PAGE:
White-Collar Crime in Canada

Canada is slowly shedding its image of being soft on fraud and white-collar crime
White-Collar Crime in Canada

Canada is slowly shedding its image of being soft on fraud and white-collar crime

There has been a longstanding perception that Canada is soft on fraud and white-collar crime, both domestically and internationally.

A number of recent government initiatives, however, suggest that may no longer be true. Company executives and legal counsel need to make sure they are aware of the changing landscape and what they have to do to operate successfully within it.

The most contentious change is the introduction of an integrity regime by Public Works and Government Services Canada. Under the new guidelines (first tabled in 2012, modified two years later and amended again in 2015), Canadian companies and/or those working for them that are found to have contravened the Corruption of Foreign Public Officials Act could face, among other penalties, exclusion from conducting business with the federal government for a period of between five and ten years.

“It is a very challenging regime,” says Linda Fuerst, a partner in the Toronto office of Norton Rose Fulbright Canada LLP. “If a company is found guilty of misconduct in another country or jurisdiction, even if it has no connection to Canada, it could potentially debar them, a result that could be devastating.”

It’s possible the ongoing opposition to the regime, which includes impassioned lobbying from entities ranging from the Canadian Bar Association to the Canadian Council of Chief Executives, could result in a further softening of the framework. No matter the final version, however, it seems that from now on, the consequences of being caught up in corruption abroad will be extremely serious to those who are convicted.

Canada is not alone in stepping up its fight against corruption. “Internationally, particularly governments that are members of the OECD (Organisation for Economic Co-operation and Development), continue to increase the bar on business conduct, and are following through with enforcement and high penalties against not only corporations but also executives of businesses,” says Riyaz Dattu, a partner in the Toronto office of Osler, Hoskin & Harcourt LLP. “Even countries such as China, India and Brazil are joining in on these international initiatives. There has been an almost universal sea change in a matter of just five years.”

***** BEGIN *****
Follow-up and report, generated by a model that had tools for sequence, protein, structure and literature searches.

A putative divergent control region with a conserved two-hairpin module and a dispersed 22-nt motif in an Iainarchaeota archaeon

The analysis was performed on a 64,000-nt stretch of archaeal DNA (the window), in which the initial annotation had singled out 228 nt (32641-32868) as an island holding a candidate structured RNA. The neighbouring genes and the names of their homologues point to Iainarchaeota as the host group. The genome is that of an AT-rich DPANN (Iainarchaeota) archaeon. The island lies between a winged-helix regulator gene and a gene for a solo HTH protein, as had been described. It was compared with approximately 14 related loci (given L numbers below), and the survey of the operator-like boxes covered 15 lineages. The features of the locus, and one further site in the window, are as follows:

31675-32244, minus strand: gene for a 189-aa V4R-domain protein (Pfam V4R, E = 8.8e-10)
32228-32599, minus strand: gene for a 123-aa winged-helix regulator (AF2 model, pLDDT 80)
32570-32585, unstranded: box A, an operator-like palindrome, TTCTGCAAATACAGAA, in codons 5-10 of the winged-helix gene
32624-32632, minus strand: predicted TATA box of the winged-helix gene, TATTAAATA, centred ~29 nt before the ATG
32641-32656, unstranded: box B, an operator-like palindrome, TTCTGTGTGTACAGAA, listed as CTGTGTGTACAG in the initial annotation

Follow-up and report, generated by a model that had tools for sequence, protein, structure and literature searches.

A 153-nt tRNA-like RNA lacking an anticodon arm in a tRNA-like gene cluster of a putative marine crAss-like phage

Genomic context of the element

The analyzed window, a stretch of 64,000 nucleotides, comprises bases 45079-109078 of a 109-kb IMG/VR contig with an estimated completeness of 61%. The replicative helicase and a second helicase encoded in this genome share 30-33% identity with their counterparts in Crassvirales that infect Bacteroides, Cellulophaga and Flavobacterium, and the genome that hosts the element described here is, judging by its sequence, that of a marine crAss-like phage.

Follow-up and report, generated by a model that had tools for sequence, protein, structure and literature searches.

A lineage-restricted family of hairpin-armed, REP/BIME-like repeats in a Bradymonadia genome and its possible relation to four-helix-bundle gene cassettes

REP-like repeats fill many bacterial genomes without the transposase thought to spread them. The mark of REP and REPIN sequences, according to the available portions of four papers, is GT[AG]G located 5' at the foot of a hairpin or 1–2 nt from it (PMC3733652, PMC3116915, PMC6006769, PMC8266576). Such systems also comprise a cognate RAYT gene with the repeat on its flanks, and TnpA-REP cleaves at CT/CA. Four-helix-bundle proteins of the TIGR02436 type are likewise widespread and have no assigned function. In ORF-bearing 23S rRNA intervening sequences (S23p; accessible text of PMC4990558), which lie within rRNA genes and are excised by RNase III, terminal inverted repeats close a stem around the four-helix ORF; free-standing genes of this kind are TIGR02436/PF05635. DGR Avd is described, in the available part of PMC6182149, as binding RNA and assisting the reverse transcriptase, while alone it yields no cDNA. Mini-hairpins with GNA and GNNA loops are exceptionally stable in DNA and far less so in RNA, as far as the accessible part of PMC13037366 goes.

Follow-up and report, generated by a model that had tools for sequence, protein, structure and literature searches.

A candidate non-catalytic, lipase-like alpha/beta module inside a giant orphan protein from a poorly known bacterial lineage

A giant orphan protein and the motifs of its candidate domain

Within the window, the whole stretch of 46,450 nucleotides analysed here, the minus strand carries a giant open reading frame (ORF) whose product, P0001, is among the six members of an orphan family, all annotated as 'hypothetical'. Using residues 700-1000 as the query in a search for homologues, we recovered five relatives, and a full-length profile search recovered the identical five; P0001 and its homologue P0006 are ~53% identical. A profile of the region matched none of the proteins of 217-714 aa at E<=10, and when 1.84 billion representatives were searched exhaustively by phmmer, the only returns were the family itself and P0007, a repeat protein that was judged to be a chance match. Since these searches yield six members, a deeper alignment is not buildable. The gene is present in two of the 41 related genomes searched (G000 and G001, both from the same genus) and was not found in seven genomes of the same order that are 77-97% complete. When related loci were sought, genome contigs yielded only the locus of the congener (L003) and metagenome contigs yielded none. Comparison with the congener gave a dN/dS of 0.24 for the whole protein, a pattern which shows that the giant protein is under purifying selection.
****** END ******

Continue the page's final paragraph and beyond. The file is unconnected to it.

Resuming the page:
Another significant change in Canada is the Extractive Sector Transparency Measures Act (ESTMA), which received royal assent in December 2014 (although it may still be amended). Under ESTMA, companies in the extractive sector will have to report payments of any nature, both foreign and domestic, exceeding $100,000 in a given year.

The act requires “certain entities with connection to Canada, that are engaged in commercial development of oil, gas or minerals in Canada or elsewhere, or that control such entities, to report payments made to any government, whether foreign or domestic, in excess of $100,000 in a given year,” Dattu wrote, in conjunction with several colleagues, in a legal alert. “The legislation will require Canadian businesses involved in resource extraction to file detailed reports, which will be publicly available. This disclosure requirement may raise serious issues for entities that have agreements with foreign governments covered by confidentiality obligations.”

Domestically, Canada has also seen some important regulatory developments in recent years.

“Regulators have been proactively going out to the marketplace saying, look, we are stamping out fraud and we’re making fraud a high priority for our prosecutions,” says John Fabello, a partner and litigator in the Toronto office of Torys LLP. “This is borne out in the numbers and in the penalties they’re obtaining.”

Fabello cites statistics released by the Canadian Securities Administrators (CSA) and by individual securities commissions. “For 2014, out of the total proportion of cases the CSA brought against respondents, about 30 per cent of the respondents were alleged to have engaged in fraud. That’s pretty significant when you consider they’ve got many other categories of claims they bring forth. Look at the number of proceedings commenced by the OSC (Ontario Securities Commission) in 2014. About 40 per cent involved allegations of fraud.”

The OSC showed its determination to up the ante when combatting fraud when it launched, in 2013, a joint serious offences team (JSOT) in partnership with the RCMP’s financial crime program and the OPP’s anti-rackets branch. The unit, which has the power to use wiretaps and surveillance, has won jail terms against at least eight people since its inception and has more than 10 ongoing cases.